Tony Romo came close to being the hero Sunday in Baltimore. (Gary Cameron / AP)

His team is 2-3, his quarterback fell just short of a heroic effort and there was a fair bit of ineptitude down the stretch, but Dallas Cowboys owner Jerry Jones isn’t terribly worried about his 2-3 team.

“I’m sick about losing this game,” Jones said after Sunday’s 31-29 loss to the Ravens (via ESPN). “[But] I feel good about this team. Even though we’re 2-3, I feel good about the way we held up, stayed in there, fought, the way we did some things, executed, the way our offensive line played. There are some things I really feel good about our future with, our future being this year.” 

Still, the Cowboys are where they were a year ago, record-wise; a year ago, they finished 8-8. “I felt we’d be better as a record,” Jones said. “But I will say this: I feel good about our team. I feel good about what we can do as a team. We know how long the journey is here in the NFL. I feel better about our team than I did frankly over the last two weeks.”

The Cowboys finished with 481 yards, but poor clock management and an errant field goal — a 51-yard try by Dan Bailey — contributed to another tough loss. “It’s disappointing,” Tony Romo said as he headed for the team bus carrying a bag of Popeye’s chicken. “It’s just hard when you do a lot of good things well and you don’t come out with a win. Each week is an important, important week in the National Football League. It eats at you and sits in the pit of your stomach when you lose. We’ve got to come back from this and get ready. Now, next week we’ve got to go win a football game.”

And try to forget another instance in which the Cowboys either fell short because Jason Garrett was playing it safe or did not play up to their coach’s smarts, Mac Engel writes

No one expects the Dallas Cowboys to be NASA.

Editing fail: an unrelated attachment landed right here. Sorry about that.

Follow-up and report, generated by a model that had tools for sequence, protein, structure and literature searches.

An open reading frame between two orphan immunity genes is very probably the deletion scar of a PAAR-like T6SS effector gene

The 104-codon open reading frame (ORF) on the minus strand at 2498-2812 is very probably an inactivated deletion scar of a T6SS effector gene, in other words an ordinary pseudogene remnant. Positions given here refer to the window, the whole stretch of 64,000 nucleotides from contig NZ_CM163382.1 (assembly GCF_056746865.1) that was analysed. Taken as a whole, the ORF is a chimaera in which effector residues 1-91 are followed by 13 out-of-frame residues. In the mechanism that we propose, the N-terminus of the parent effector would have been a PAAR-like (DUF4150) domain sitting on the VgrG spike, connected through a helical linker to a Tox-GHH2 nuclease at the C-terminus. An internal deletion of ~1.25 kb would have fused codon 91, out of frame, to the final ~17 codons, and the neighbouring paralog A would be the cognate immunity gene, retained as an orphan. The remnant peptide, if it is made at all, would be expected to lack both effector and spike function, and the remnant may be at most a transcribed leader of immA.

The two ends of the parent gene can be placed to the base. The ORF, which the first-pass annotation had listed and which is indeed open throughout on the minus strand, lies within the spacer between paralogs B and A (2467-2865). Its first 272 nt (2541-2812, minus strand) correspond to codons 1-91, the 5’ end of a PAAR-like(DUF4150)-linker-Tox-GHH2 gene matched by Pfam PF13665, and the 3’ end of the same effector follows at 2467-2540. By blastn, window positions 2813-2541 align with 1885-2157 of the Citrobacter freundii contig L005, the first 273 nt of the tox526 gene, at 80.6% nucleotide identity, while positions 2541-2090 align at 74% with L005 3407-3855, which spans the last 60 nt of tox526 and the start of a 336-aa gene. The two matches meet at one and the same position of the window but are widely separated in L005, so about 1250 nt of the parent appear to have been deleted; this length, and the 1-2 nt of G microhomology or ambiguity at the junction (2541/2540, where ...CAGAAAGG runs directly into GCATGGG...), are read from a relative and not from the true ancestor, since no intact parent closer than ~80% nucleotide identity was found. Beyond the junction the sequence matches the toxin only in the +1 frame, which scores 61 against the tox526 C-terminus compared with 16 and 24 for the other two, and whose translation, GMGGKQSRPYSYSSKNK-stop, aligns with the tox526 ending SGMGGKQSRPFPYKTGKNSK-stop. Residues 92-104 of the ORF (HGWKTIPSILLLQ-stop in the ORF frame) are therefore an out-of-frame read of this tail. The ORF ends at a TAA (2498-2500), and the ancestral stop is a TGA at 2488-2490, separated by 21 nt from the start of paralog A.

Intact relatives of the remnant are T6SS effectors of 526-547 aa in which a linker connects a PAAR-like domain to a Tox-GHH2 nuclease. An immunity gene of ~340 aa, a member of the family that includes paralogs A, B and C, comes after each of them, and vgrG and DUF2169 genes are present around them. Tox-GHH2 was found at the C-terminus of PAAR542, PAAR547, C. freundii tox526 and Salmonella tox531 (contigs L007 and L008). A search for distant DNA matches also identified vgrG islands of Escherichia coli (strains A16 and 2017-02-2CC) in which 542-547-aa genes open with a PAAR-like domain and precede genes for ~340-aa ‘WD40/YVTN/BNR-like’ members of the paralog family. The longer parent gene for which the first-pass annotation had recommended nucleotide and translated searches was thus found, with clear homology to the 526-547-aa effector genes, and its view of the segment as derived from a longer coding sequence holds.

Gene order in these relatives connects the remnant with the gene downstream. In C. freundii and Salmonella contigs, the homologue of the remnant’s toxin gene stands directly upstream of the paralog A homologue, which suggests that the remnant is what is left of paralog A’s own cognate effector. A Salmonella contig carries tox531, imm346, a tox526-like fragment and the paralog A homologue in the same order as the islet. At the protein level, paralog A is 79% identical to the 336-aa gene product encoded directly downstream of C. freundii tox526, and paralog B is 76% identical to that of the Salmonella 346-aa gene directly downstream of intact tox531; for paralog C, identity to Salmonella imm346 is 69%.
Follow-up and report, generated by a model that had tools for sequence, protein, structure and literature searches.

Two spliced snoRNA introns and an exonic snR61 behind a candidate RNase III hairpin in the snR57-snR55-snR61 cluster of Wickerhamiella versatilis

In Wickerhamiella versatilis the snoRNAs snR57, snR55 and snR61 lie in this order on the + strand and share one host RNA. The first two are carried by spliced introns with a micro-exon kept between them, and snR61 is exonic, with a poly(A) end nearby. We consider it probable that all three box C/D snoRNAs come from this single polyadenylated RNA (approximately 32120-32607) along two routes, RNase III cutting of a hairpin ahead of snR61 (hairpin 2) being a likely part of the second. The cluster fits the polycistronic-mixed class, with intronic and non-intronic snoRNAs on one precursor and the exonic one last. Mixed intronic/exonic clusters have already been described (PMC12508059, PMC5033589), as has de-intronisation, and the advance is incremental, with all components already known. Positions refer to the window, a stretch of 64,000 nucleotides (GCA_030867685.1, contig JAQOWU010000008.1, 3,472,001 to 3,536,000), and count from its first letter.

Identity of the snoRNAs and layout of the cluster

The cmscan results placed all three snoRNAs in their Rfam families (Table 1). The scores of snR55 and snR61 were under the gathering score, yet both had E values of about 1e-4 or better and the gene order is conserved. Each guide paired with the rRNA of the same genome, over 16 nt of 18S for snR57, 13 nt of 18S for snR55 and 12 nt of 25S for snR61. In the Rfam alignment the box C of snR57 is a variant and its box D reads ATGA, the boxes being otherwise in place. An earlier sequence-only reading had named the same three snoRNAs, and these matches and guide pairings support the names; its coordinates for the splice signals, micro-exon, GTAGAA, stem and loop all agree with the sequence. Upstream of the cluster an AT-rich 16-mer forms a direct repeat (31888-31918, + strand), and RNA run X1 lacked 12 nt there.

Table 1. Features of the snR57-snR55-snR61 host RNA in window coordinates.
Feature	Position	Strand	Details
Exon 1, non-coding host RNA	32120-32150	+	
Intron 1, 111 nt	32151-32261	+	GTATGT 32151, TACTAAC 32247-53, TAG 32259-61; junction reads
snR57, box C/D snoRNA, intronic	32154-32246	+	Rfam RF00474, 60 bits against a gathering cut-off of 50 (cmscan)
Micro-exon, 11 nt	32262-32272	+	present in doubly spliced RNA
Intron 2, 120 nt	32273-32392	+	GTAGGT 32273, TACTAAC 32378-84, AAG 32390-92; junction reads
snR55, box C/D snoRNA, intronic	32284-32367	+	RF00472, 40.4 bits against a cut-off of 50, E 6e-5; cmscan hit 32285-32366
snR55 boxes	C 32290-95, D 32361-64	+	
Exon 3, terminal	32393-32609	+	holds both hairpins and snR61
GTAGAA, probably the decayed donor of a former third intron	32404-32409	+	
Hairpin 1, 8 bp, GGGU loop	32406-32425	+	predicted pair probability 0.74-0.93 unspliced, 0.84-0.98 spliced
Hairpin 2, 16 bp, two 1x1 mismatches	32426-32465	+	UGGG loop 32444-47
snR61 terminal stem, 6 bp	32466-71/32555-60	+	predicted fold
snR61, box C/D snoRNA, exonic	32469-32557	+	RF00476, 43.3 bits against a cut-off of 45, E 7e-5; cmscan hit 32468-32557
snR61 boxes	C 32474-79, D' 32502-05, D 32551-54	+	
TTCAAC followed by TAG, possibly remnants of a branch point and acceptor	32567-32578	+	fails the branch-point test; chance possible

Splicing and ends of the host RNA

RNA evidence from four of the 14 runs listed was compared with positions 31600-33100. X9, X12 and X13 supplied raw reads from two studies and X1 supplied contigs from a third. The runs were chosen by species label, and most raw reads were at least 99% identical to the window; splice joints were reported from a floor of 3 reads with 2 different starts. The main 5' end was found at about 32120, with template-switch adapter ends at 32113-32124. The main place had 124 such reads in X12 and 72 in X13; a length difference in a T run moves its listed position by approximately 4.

The Cowboys are coached by a Princeton grad, but his team plays sometimes as if it barely finished the seventh grade. As much as his Ivy League education should be a reflection of his own intellect, the way his team plays says something about Jason Garrett. Which is why it does not add up.

Their play is just plain dumb, according to Jean-Jacques Taylor. Under Garrett, the team is 15-14, “the epitome of mediocre.”

Six weeks into the season, the Cowboys are in last place in the NFC East. Ten wins is the magic number to essentially guarantee a playoff spot.


So we’re already talking about Dallas needing to win eight of their last 11 games to hit that number.


Just so you know, moral victories don’t count.

ESPN NFC East blogger Dan Graziano prefers to focus on the bigger picture and is unconcerned that the Cowboys seem to think they have all the time in the world. 

So before you start asking whether Garrett’s job is in jeopardy (it’s not) or crying about poor late-game clock management or looking at the standings and worrying that the sky is falling, it’s important to step back and see Sunday for what it was — a critical and encouraging step in the development of a team that’s thinking well beyond the borders of just one season. Someday, the Cowboys believe, they’ll win games like this routinely. And if they do, part of the reason will be Sunday’s experience, which showed them how they could. 

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